"Mom, can we go Catholic so we can get communion wafers and booze?"
-- Bart Simpson

Take me where I cannot stand

Our favourite Joss Whedon sci-fi has been licensed for a massively multiplayer online (MMO) game. Apparently, by 2008 we’ll be able to login and play around in the ‘verse.

(BTW, I found this very cool wiki site!)

So far, I’ve been able to resist getting into any of the MMOs (even Star Wars Galaxies), mainly because I am truly afraid of what it would do to my life. However, a Firefly-based game might just be enough to break me–after all, Joss Whedon is my master now:-)


No touchy!

The creator of the Dead Or Alive series of games (“She kicks high…”) has been slapped with a sexual harassment suit. As unfortunately stereotypical as it is, I can’t say I’m surprised at this from the man who pioneered independent bounce physics between left and right breasts in 3D gaming…

People of the world! Not all gamers are misogynistic pigs! Some of us are just ordinary, everyday pigs… :-)


Information nation of hysteria

OK, so I haven’t been posting for a while…there’s been too much going on in my actual life to pay much attention to my virtual one. Most of my time has been spent on the yard (for which I’ll be posting new pictures soon to the landscaping log) and in my garage, and occasionally at work.

However, I thought I’d hop on to say that today’s PvP pretty much summarizes my view of the whole Hot Coffee crap that’s been so visible in the vidya-gaming news lately. I’ve never understood why the Yanks are so dead-set on treating sex as an obscenity, while gory violence is perfectly acceptable.

Then there’s also the issue of the ESRB rating on GTA: San Andreas being changed from Mature to Adults Only. Here are the official definitions of the two:

  • Mature: Titles rated M (Mature) have content that may be suitable for persons ages 17 and older. Titles in this category may contain intense violence, blood and gore, sexual content, and/or strong language.
  • Adults Only: Titles rated AO (Adults Only) have content that should only be played by persons 18 years and older. Titles in this category may include prolonged scenes of intense violence and/or graphic sexual content and nudity.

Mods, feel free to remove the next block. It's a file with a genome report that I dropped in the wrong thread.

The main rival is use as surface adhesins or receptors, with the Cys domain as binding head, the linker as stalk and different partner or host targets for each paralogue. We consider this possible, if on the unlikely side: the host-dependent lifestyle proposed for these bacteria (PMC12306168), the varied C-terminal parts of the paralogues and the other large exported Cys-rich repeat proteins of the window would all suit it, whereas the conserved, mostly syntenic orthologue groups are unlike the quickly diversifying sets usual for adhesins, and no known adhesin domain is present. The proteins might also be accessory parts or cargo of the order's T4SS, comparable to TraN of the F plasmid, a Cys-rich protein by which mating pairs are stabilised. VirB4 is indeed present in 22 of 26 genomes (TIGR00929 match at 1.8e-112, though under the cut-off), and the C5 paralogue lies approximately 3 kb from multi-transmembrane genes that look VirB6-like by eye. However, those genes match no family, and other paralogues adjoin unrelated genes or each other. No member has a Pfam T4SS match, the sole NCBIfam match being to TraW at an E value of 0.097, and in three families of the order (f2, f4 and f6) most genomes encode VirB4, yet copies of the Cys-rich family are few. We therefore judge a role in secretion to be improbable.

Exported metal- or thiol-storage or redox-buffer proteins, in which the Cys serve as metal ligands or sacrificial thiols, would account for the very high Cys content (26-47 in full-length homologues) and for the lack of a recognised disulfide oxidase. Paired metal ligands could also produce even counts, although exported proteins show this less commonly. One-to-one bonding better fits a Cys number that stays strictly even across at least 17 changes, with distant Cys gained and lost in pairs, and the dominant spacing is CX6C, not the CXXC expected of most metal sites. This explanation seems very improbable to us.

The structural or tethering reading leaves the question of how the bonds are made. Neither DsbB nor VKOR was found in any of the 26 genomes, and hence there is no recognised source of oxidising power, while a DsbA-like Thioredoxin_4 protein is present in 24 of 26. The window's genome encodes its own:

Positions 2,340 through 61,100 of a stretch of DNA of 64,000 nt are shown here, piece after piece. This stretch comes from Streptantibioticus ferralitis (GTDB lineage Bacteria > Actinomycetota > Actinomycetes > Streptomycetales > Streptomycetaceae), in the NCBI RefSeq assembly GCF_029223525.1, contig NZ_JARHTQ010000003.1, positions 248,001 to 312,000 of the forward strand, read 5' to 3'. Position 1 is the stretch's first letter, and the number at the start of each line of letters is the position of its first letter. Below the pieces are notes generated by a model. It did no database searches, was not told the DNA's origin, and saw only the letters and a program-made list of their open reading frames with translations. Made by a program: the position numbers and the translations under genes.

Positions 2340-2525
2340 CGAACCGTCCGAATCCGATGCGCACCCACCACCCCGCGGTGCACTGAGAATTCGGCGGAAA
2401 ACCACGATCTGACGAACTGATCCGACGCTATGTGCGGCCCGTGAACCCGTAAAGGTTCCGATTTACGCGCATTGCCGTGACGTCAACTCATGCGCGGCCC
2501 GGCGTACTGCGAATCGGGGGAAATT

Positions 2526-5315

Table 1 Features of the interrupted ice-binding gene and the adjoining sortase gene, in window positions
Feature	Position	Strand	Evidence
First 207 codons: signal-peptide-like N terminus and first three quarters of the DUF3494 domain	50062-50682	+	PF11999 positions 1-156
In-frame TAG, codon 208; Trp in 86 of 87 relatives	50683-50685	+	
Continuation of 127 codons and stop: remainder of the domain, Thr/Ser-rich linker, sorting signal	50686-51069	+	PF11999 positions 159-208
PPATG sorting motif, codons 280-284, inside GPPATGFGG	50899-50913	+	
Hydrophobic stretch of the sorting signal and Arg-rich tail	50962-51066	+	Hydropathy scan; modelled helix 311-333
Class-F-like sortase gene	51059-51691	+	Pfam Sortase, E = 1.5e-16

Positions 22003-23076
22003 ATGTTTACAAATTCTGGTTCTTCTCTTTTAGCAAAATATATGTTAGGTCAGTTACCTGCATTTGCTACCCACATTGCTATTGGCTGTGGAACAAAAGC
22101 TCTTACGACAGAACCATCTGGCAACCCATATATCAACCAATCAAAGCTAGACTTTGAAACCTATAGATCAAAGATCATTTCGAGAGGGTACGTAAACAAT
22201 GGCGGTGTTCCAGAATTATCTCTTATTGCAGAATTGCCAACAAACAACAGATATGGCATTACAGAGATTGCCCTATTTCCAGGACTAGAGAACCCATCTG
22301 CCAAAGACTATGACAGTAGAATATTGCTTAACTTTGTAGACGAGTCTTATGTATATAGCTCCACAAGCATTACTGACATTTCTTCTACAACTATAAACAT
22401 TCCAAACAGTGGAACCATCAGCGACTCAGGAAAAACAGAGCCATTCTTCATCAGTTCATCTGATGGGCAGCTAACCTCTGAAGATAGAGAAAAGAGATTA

So, essentially the difference between the two is one year of age, nudity, and the length of time that the objectionable material is available in the game. I don’t know where to even start with this…first off, GTA games (at least since GTA III) have absolutely qualified for the Adults Only rating, just on the violence aspect alone. However, the two ratings are so close in actual meaning that I don’t understand why so many people are in outcry over the fact that GTA wasn’t rated as AO to begin with. In fact, most people seem satisfied now that the rating has been changed.

Right, right, I forgot…people are idiots. :-)


Represent the seven games in a government for hire

Apparently, 60 Minutes did a piece on videogame violence last night. This is one of those issues that gets lots of attention every year or two, usually triggered by some event, like the Columbine massacre. This time it’s the murder of three police officers in Fayette, and the resulting lawsuit against the makers of the Grand Theft Auto series of games.

I wouldn’t exactly call the report “balanced”; it presents a very anti-videogame position. I didn’t actually watch the televised report, but nowhere in the web article do they even mention the ESRB. This is a rating system for videogames, much like the MPAA ratings for movies. The Grand Theft Auto series have all been rated M (for Mature), and are not supposed to be sold to anyone under 17 — while the perpetrator of the murders in question is now 18, there is specific mention of his having played at least two versions of GTA, which means he was playing them when he was 16 (and probably before that).

Let’s draw an analogy — if some kid constantly watches hardcore porn starting when he’s 14 or 15, and then rapes someone at 18, would we be all that surprised? There’s a reason why we regulate what is available to minors — as the 60 Minutes article states, their brains are not yet fully developed, and they’re not always completely capable of differentiating fantasy from reality.

CBS News interviewed Tim Buckley of Ctrl+Alt+Del fame, and he seems to be placing the responsibility firmly on parents, and I mostly agree with him. I think video game retailers need to be a little more stringent about to whom they’re selling M- and A-rated games. However, the ultimate responsibility does lie with the parents — I’ve been at an EB where a husband and wife were debating buying GTA: Vice City for their obviously-underage kid. The wife clearly didn’t know anything about the game, and the husband clearly did. The clerk was advising the pair on the extreme violence, but in the end, they still bought it — I suspect Dad wanted to play it himself (based on the gleam in his eye).

I assume this lawsuit will go nowhere, as most First Amendment questions typically do in the US. The wording of several proposed laws are truly frightening, and would severely limit the content of future games. This could also be used as precedent for expanding this kind of censorship into other media.

As an (arguably) well-balanced adult who enjoys the escapism of video games (violent or otherwise), I very much hope that cooler heads prevail.